Sweet Savannah Storm is an Arabian/Saddlebred mare. She is six years old and the first horse my husband and I have ever raised from birth. I bred her dam, Sweet GA Brown to my trainer’s stallion, Aspen’s Bolero, and they produced the loveliness that is Stormy. Or should I say, the cantankerousness that is Stormy. This is a mare with LOTS of personality. She was born in the midst of a summer thunderstorm, thus her name, and it’s a name she has properly lived up to.
Stormy is the youngest and nosiest horse in my small herd. It’s not unusual to find her in a predicament. One of her favorite past-times is to insert half her body into my tack room looking for objects to play with or snacks to eat. Once, when exploring the feed room, she got all the way in, freaked out, and somehow bulldozed her way out, leaving buckets and grain bags sprawled in her wake. We have since put a lock on that door because she’s figured out how to push the door open and get in. Even after her harrowing experience.
Stormy has encountered much of the wildlife that lives near our property on the Rio Grande. Once, because of her curiosity, she met the wrath of a wandering porcupine. We found her with about 60 quills in her nose, looking very surprised, insulted and indignant. Removing those was fun! The vet saved the quills for me in a little glass jar. Whenever I see them sitting on the shelf, I can’t help but chuckle.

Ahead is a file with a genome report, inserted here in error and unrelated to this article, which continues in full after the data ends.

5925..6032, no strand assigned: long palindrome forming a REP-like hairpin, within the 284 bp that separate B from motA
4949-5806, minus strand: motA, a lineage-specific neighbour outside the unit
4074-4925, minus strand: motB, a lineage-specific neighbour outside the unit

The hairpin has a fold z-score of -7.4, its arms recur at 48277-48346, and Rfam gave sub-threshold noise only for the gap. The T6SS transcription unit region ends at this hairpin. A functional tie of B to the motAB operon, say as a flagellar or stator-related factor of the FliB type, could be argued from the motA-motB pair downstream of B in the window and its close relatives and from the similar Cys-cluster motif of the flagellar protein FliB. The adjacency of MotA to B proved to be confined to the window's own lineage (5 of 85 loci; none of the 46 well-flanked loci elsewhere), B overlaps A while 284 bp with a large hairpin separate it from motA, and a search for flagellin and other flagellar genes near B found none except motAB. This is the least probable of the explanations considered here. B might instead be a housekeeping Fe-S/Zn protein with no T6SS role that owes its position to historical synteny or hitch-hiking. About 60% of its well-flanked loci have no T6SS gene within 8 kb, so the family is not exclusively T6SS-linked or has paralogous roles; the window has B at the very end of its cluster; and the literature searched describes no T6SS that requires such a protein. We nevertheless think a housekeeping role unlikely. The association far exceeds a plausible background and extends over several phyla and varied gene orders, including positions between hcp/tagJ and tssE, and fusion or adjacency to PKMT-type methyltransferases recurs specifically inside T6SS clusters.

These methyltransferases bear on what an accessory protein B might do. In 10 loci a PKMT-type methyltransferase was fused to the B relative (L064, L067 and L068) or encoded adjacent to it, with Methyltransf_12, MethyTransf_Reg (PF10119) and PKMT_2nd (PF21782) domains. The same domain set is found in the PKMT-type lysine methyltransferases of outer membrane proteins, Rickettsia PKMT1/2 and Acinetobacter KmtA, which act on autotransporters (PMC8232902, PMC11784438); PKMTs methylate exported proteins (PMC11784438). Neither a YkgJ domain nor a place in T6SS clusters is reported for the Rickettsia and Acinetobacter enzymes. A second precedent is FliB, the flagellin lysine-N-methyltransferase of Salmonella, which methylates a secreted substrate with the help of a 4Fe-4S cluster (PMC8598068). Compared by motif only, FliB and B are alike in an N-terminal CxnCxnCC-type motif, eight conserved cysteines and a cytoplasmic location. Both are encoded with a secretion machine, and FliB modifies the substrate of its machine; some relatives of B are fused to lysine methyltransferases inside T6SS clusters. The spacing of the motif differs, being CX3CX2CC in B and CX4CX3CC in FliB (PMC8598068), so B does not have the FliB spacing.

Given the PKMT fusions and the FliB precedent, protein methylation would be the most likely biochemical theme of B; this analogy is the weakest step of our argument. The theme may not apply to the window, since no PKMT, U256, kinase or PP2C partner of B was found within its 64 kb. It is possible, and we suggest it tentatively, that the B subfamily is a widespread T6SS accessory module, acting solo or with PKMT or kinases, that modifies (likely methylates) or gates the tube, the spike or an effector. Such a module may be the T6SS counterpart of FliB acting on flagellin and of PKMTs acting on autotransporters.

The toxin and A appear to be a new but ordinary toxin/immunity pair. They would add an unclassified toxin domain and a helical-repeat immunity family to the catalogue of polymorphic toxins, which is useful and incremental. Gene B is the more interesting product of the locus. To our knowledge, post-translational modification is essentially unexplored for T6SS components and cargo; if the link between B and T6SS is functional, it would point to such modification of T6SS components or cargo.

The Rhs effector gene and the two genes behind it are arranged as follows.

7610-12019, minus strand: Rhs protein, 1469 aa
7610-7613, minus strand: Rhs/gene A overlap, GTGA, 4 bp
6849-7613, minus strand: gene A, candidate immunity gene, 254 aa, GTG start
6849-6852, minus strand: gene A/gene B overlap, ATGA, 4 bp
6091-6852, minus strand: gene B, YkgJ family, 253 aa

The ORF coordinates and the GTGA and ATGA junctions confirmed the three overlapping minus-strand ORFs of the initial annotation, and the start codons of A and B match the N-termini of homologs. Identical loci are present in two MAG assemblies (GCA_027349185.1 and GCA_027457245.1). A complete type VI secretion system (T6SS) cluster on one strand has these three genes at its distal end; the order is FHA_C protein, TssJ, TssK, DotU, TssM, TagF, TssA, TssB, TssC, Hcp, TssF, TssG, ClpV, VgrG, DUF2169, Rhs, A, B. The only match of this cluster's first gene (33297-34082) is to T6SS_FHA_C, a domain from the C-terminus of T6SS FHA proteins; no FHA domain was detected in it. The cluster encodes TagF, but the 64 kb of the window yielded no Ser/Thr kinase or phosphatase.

Because she was the baby of the property for so long, and because she is so darn cute, Stormy has been a favorite of passers-by on the ditch bank. When I took her to my trainer’s farm for some schooling for two years we got many concerned inquiries of Stormy’s wear-abouts. What happened to her? Was everything ok? Had we sold her? When she came back completely grown and much more mature, it was clear that little Stormy had not been forgotten. One of our neighbors has made it a practice to bring her carrots almost daily. The others horses benefit from this ritual, but Stormy knows she is the culprit of this neighborly generosity.
Despite this mare’s big personality, she has been a dream to train. For the first three years of her life, my husband spent many hours learning natural horsemanship techniques and worked with her on the ground, bonding with her, teaching her manners and exposing her to all the things she would have to deal with as a show horse. He even took her to a competition and showed her In-Hand as a two year old and they won Champion in both their classes.
It was obvious that it was time for Stormy to get some more advanced schooling so we sent her to my trainer’s barn where my trainer worked with her on the basics of Sport Horse and Dressage. Stormy was shown a few times before I took the reins completely and now we are embarking on her show career together. Stormy has made wonderful progress and has taught me a great deal about bringing up a young horse. Sometimes it’s difficult for Stormy to keep her opinions to herself, but she is generally very eager to please and easy going. As well as Sport Horse and Dressage, Stormy is embarking on a career in Western Trail. I’ll be sure to keep all of you posted on her adventures.
Thanks for reading my post and please tell me of your experiences with training a young horse. It is definitely character building!!